Water safety

It's important to be careful around any body of water – the sea, lakes, rivers, reservoirs and swimming pools. Here are some handy tips that can help keep your dog safe:

 

Can your dog swim?

Swimming can be great exercise for dogs and it can be especially good for dogs with stiff or painful joints. Taking to the water can also help dogs to cool down in hot weather.

Not every dog is a water baby. Dogs with short legs – like Corgis – or short noses – like Pugs – will find the effort of swimming really hard work. Even some dogs that are built for swimming just won’t enjoy going out of their depth.

Even if your dog seems keen, they’ll need learn how to swim. You can help them learn to love the water:

  • Take it slow and stick to a shallow area at first.
  • Use toys and treats to make splashing in the shallows fun for your dog.
  • Once your dog is more confident, encourage them out of their depth so they start paddling.
  • Use your arm to support them under their stomach until they’ve got the hang of kicking with all four legs.
  • After a few minutes, encourage your dog back to the shore so they know how to get out of the water when they’re ready.
  • Never leave your pet unattended around water, even if they're a strong swimmer.

Don’t push them to do anything they don’t want to and let them take to the water at their own pace. If they decide swimming isn’t for them, that’s fine – there are plenty of other ways they can get exercise and cool down!

 

What to do in an emergency

If your dog – or anyone else’s – gets into trouble in the water, don’t be tempted to go in after them. Ring 999 instead and get help from the professionals. 

Sadly, every year people lose their lives while trying to save their dogs. Dogs can often get themselves out of dangerous situations and going after them just puts yourself in danger, too.

 

Picking the right swimming spot

Some places are much safer for a doggy dip than others. Pick your spot carefully so you know your dog will be safe:

 

Good swimming spots:

  • Lakes. These are often calm and have plenty of safe, shallow areas for your dog to swim. Take care if there's anything in the water, like big tree branches, that your dog could get caught on. It's also important to be aware of other people using the water, like sail and motor boats or windsurfers. On large lakes, there might be designated swimming areas. Stick to these areas and check that dogs are welcome.
  • Sea swimming. Dog-friendly beaches can be perfect swimming spots on a sunny day. Check that sea conditions are safe before letting your dog swim – look out for warning flags and signs, as well as the size of the waves and checking tide times. Find out more about sea swimming and beach safety.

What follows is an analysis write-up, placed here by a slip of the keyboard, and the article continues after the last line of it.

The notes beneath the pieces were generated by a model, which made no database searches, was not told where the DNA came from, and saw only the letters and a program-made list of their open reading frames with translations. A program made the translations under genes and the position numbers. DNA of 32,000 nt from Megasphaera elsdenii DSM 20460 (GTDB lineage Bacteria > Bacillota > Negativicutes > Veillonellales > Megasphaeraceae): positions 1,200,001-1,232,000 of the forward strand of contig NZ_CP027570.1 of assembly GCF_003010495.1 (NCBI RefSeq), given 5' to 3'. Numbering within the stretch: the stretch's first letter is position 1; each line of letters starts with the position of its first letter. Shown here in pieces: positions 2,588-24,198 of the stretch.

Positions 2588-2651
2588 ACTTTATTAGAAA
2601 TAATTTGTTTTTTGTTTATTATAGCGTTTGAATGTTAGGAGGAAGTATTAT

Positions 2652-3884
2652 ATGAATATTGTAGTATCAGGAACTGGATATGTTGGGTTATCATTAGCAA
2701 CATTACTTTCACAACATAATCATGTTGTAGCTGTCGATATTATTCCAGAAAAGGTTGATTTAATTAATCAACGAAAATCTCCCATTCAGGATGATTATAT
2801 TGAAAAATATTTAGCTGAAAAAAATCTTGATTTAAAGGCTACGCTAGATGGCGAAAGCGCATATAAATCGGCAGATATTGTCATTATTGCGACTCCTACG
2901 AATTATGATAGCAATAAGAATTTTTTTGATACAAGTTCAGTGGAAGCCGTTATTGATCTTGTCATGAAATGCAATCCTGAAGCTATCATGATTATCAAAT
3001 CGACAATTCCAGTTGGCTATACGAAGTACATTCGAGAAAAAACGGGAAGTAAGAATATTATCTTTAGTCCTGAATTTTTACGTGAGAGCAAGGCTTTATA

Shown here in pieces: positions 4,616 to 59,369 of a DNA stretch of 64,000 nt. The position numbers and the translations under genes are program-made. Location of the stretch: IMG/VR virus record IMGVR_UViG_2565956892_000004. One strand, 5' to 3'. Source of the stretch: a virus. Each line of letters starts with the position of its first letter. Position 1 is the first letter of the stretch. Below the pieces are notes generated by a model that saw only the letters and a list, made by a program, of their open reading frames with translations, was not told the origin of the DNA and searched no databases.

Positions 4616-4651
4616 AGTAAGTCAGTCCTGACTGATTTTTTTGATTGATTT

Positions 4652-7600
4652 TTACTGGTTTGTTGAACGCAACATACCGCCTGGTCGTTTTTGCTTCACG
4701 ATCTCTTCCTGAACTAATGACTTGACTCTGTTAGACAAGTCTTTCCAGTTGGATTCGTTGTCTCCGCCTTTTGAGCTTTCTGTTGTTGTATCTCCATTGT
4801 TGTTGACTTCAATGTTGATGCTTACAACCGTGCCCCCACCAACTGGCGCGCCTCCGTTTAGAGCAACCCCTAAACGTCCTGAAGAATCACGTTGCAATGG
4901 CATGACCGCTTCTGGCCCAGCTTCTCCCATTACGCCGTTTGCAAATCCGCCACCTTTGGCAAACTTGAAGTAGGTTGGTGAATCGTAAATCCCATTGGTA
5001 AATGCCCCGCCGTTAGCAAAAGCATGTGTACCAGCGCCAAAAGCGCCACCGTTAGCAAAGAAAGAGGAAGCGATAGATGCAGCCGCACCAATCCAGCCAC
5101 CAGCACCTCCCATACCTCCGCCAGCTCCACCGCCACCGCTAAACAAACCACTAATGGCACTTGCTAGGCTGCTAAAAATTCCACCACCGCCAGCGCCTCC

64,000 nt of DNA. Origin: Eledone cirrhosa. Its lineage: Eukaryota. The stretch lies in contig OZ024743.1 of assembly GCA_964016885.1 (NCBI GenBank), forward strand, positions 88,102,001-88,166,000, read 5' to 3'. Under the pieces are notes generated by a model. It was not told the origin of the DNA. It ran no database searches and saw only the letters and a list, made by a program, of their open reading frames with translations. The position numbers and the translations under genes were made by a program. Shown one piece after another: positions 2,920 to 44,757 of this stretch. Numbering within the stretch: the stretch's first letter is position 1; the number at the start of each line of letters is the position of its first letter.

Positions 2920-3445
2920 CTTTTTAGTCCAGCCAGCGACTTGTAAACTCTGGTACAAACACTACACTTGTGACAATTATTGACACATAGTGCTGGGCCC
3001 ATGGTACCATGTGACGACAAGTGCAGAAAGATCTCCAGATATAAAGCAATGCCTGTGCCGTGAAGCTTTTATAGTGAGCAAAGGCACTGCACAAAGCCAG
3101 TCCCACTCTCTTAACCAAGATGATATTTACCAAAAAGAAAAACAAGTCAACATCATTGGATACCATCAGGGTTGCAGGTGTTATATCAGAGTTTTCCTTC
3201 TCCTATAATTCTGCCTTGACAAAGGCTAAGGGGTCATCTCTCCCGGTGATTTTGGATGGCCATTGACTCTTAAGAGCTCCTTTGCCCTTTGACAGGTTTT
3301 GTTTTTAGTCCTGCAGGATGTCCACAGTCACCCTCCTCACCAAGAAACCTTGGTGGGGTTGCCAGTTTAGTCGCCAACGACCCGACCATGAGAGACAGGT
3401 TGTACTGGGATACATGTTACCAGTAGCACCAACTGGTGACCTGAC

• Slow moving rivers. Shallow, slow moving rivers can be a safe place for your dog to take a dip. Check for any dangers in the water, like fallen tree branches. Make sure your dog's recall is up to scratch – you don’t want them clambering out on the other bank where you can’t follow them! Reward-based training can help your dog develop top recall skills.
  • Private swimming pools or paddling pools. If you're lucky enough to have your own swimming pool, let your dog join you for a dip on hot days. Setting up a paddling pool in your back garden is another great way of helping them have a safe splash. Never leave your pet unattended in a pool or paddling pool. Give them a wash afterwards to get rid of any chlorine in their fur.

 

Places to avoid:

  • Canals. The water in canals is often stagnant which can be a health hazard for your dog. There are also often hazards lurking under the water, like rubbish and debris.
  • Reservoirs. While reservoirs look like tempting places to swim, they're actually full of hidden dangers. There are strong currents in the water and there are often hidden objects under the surface. Reservoirs are also usually very deep so the water is really cold, even on a hot day. It can send your dogs's body into shock, causing them to gasp and swallow water if they dive straight in.
  • Fast flowing water or flooded rivers. Any fast flowing water is a danger for your dog. Currents can cause them to quickly get into trouble and struggle to reach the shore. Flood water is especially dangerous as it's often packed with debris which can injure your dog.
  • Rough seas. Big, crashing waves and strong currents put your dog in dangers. Don't let them into the sea when it's rough, stormy, or when there are warnings against swimming.

 

Can my dog catch any diseases from swimming?

There are some diseases and poisons that can affect your dog if they've been swimming you can help keep your dog safe by picking a good swimming spot and staying up-to-date with their vaccinations:

  • Leptospirosis. This is an infection spread through rat wee and contaminated water. There's a vaccination to protect your dog against leptospirosis – keep on top of your dog’s boosters, especially if they’re a keen swimmer. You can also reduce the risk by avoiding stagnant water and canals.
  • Blue-green algae. This algae grows in stagnant water and looks like a blue-green sheen on the surface. It's very toxic to dogs and just taking in a small amount can make them seriously ill. Don't let them swim or drink from anywhere you think might have blue-green algae. If you're worried they might have come into contact with the algae, don't let them lick their fur and contact your vet right away.

Wherever your dog's been for a swim, it's a good idea to give them a good wash when they get home. This will clear their fur of anything they might have picked up in the water.

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